On August 16, 1960, parachutist Joe Kittinger ascended to an altitude of 102,800 feet (19.5 miles) in an open gondola in order to set a world record for high-altitude parachute jumping. He lost pressurization in his right glove but proceeded with his ascent and jump. He experienced pain and loss of function in his hand at high altitude but all returned to normal once he descended via chute to lower altitudes.

In 1965 at NASA’s Manned Spacecraft Center near Houston, TX, a trainee suffered a sudden leak in his spacesuit while in a vacuum chamber. He lost consciousness in 14 seconds, but revived after a few seconds as the chamber was immediately re-pressurized. He suffered no ill effects—due to his very brief exposure—but stated that he could feel water boiling on his tongue. This was actually the above mentioned boiling scenario in which water (in this case saliva) becomes a gas on exposure to zero pressure.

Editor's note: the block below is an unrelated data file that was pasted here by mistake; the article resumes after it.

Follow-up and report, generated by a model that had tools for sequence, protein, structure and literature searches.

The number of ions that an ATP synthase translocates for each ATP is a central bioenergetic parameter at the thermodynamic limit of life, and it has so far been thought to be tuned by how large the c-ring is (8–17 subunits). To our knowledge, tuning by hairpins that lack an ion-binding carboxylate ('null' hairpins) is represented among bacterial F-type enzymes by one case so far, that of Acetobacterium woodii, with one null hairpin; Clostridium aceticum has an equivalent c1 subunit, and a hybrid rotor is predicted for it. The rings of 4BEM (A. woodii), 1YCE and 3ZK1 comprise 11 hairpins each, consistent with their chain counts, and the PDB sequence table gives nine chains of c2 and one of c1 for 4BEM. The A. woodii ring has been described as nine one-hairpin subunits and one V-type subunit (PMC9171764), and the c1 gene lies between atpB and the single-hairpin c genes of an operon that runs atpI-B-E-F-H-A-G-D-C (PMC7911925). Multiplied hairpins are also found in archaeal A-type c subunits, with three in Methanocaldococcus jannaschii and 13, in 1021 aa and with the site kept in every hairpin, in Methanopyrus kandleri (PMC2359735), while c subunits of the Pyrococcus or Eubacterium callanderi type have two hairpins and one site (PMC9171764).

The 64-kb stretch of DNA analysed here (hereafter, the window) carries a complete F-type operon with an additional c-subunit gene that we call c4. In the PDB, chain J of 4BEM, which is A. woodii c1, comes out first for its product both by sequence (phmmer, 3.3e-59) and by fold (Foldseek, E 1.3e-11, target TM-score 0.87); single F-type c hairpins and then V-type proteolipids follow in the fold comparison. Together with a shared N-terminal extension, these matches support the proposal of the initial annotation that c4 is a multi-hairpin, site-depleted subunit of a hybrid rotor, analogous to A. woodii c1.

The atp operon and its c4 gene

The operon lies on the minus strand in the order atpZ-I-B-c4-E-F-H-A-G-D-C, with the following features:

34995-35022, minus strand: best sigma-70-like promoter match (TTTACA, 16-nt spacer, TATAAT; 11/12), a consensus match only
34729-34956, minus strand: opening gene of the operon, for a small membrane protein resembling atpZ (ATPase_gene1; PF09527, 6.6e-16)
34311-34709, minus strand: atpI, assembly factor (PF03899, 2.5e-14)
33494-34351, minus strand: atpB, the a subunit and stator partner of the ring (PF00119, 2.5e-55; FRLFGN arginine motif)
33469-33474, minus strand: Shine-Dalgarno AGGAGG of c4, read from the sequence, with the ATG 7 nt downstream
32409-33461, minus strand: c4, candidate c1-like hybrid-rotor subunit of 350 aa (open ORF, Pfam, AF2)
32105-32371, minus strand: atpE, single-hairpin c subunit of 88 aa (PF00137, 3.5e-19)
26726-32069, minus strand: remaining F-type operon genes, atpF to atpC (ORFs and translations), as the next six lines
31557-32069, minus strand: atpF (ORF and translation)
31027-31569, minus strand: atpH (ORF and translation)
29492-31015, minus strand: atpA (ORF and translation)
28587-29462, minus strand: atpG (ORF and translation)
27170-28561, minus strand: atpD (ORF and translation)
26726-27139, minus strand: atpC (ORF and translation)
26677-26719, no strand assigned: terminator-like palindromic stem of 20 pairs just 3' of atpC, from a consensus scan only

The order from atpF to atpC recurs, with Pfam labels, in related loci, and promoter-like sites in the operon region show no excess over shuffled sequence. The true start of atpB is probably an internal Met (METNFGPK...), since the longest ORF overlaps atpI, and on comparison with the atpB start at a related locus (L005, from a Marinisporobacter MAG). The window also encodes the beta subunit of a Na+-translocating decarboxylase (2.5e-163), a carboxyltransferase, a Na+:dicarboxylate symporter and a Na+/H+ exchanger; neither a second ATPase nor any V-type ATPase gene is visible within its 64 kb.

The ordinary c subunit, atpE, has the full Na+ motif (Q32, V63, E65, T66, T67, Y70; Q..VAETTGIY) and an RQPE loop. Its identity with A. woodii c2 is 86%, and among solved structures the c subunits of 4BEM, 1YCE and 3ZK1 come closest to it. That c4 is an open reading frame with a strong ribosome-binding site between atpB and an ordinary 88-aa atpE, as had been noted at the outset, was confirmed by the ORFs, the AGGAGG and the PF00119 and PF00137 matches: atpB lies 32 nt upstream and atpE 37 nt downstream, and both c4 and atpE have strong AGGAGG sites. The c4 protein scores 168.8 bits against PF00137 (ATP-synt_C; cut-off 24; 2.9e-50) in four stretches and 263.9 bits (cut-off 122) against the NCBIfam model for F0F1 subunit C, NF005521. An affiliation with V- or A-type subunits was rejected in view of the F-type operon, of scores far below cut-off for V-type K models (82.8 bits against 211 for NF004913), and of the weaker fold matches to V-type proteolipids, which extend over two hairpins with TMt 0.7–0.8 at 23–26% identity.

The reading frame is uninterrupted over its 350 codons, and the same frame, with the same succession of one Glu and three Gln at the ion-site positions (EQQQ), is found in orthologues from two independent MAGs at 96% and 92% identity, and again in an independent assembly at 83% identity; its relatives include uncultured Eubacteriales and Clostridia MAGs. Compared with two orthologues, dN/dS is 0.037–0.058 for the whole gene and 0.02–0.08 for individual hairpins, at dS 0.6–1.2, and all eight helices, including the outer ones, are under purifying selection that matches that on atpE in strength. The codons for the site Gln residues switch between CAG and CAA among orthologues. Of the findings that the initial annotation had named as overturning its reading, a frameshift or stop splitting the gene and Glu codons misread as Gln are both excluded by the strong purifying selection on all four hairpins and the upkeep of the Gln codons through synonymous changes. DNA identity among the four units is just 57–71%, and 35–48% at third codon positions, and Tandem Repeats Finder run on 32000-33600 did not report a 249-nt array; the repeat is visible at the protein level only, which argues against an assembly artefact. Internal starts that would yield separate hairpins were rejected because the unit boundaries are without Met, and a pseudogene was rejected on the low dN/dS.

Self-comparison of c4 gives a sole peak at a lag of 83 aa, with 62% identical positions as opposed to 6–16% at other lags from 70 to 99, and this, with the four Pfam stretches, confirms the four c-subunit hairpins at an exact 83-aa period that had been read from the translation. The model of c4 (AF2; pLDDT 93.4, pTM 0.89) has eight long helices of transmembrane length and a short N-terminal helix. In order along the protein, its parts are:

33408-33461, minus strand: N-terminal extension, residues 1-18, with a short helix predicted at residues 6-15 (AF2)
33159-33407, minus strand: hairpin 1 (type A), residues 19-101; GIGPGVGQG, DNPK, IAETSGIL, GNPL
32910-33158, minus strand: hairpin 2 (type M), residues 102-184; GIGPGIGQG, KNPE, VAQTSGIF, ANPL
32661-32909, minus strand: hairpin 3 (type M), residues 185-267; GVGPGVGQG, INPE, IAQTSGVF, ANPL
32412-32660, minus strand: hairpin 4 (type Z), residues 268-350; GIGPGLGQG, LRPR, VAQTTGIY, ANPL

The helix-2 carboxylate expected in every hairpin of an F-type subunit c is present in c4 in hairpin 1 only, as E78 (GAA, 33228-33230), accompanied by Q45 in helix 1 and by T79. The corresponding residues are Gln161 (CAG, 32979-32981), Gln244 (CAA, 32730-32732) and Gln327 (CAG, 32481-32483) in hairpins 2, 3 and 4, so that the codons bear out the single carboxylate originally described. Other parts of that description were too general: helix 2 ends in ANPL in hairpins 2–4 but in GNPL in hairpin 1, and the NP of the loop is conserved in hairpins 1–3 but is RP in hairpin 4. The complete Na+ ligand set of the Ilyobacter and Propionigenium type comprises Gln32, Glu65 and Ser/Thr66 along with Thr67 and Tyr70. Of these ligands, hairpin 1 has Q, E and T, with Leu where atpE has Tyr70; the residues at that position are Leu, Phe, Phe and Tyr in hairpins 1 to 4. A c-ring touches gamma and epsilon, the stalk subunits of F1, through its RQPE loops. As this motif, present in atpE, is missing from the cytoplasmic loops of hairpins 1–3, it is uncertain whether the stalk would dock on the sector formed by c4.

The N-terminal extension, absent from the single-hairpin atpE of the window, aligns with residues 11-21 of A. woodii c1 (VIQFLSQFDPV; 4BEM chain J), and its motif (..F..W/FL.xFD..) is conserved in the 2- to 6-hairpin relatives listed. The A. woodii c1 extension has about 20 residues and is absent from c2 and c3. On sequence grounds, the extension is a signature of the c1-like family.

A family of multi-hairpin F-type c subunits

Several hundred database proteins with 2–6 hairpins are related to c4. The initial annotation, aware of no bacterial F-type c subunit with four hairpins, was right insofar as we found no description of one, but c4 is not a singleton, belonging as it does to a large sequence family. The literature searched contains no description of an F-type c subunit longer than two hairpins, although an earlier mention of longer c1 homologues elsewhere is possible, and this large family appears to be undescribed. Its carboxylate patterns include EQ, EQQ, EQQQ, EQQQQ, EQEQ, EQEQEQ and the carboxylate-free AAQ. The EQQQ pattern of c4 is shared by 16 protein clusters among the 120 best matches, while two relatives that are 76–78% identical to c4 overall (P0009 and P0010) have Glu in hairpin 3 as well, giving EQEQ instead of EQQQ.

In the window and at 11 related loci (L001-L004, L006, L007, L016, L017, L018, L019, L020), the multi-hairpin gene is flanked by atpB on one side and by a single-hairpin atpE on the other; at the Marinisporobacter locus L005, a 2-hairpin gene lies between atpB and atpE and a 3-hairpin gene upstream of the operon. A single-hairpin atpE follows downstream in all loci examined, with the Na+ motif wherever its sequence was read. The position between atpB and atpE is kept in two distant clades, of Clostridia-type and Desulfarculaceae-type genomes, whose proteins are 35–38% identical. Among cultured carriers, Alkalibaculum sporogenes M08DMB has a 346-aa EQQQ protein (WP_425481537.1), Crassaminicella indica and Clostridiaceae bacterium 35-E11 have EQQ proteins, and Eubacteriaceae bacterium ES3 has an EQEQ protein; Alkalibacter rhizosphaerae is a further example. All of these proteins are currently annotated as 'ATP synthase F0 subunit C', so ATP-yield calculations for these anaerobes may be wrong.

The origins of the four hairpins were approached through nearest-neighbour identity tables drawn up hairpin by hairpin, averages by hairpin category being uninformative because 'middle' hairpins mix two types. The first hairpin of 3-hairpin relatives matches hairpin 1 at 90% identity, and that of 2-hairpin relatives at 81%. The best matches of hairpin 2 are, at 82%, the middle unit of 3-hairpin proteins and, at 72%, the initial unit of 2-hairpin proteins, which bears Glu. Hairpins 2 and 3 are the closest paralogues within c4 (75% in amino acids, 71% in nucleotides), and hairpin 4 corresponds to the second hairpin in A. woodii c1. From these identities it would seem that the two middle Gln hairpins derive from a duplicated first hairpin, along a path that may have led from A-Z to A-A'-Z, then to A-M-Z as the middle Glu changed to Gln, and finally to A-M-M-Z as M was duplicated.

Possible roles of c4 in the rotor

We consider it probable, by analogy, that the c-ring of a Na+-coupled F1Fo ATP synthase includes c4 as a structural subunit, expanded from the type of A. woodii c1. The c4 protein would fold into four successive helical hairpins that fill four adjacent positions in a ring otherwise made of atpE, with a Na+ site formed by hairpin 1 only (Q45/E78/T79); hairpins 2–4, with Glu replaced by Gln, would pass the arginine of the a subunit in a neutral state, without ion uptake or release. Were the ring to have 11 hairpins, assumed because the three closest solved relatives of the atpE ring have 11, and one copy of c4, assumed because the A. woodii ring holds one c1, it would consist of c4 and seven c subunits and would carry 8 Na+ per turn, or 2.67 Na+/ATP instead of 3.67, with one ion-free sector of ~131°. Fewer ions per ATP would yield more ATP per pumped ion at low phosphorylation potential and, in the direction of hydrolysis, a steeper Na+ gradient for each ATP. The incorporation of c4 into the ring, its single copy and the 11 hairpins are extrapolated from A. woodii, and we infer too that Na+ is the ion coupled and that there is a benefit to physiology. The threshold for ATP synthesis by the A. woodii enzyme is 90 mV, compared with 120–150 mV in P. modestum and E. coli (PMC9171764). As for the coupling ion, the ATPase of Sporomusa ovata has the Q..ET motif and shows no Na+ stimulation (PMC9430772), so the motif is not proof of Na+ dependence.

A case of partial, prolonged exposure occurred during an EVA (space walk) in April 1991 on the US space shuttle mission STS-37. One astronaut suffered a 1/8 inch puncture in one glove between the thumb and forefinger. He was unaware of it until later when he noticed a painful red mark on his skin in the exposed area. It appeared that the area bled some but that his blood had clotted and sealed the injury.

So, what happens to a human exposed to zero pressure? Since there is no oxygen in such an environment, loss of consciousness occurs in a matter of seconds. Also, if the victim held his breath (don’t do this during scuba diving when coming up from depths either), the air in his lungs would rapidly expand and his lungs could be damaged, bleed, or rupture. Better to open his mouth and exhale the rapidly expanding gas from his lungs.

Water in his blood stream would immediately begin to “boil,” filling the blood stream with water vapor (the gas form of water) and stopping his heart. Bubbles might appear in the blood stream and cause damage to the body’s organs, particularly the brain. As a result, the brain and nerves cease to function. As more and more gas formed within the body, the entire body would swell but it would not explode.

Exposure to heat or cold or radiation might also occur but it will do little harm since the victim would already be dead.